Vertical disparities and perception of three-dimensional shape.
Cumming BG., Johnston EB., Parker AJ.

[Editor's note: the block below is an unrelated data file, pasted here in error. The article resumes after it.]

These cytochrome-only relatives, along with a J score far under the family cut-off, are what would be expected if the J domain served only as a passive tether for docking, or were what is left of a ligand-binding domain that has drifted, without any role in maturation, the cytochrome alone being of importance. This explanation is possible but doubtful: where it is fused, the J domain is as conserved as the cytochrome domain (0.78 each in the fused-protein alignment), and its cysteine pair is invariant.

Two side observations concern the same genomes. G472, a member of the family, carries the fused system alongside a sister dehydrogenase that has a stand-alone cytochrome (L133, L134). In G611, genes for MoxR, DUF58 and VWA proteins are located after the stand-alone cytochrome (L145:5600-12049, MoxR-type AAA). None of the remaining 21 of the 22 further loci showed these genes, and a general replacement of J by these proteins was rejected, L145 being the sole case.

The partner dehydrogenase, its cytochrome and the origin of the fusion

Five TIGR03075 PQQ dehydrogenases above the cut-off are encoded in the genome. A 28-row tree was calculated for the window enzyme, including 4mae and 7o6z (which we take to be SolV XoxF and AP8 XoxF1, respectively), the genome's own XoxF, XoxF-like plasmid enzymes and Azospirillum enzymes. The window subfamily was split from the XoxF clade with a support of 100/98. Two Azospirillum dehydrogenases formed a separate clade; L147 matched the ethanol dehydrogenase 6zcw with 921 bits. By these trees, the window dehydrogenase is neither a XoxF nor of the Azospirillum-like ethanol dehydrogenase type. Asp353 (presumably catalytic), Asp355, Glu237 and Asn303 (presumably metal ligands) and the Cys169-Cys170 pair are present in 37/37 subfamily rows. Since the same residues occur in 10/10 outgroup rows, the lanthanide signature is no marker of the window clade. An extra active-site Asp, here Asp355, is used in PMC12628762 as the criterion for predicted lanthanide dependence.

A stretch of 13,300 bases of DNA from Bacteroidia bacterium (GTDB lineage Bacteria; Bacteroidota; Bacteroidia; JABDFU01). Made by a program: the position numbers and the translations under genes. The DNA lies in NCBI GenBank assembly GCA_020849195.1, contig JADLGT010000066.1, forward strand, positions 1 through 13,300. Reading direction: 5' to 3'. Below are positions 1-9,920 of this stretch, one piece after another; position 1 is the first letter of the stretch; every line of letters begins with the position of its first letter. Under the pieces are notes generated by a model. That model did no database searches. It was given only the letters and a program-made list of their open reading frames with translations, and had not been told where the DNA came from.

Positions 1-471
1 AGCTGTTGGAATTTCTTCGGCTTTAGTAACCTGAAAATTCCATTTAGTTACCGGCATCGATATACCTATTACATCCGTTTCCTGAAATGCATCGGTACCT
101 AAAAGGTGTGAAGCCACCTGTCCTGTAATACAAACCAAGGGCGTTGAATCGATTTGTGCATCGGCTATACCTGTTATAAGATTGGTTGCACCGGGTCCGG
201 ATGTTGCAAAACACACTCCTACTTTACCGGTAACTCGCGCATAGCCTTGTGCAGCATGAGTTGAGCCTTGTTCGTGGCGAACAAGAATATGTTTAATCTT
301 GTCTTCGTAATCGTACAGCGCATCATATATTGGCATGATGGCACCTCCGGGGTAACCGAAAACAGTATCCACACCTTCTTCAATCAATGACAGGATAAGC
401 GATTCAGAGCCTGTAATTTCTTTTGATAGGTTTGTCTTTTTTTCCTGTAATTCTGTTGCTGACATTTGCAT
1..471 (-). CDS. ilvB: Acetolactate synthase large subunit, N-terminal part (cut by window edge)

The information about depth and three-dimensional shape available from the horizontal component of the stereo disparity field requires interpretation in conjunction with information about egocentric viewing distance (D). A novel computational approach for estimating D was proposed by Mayhew and Longuet-Higgins, who demonstrated that the horizontal gradient of vertical disparities uniquely specifies the viewing distance. We have now used random dot stereograms in a shape judgement task to show that changes in vertical disparities have no effect on perceived three-dimensional shape. Changes in ocular convergence do alter perceived shape, suggesting substantial changes in the subjects' scaling of horizontal disparities. We conclude that vertical disparities are not used to scale disparities for viewing distance, and that extraretinal signals must be considered when analysing human three-dimensional shape perception.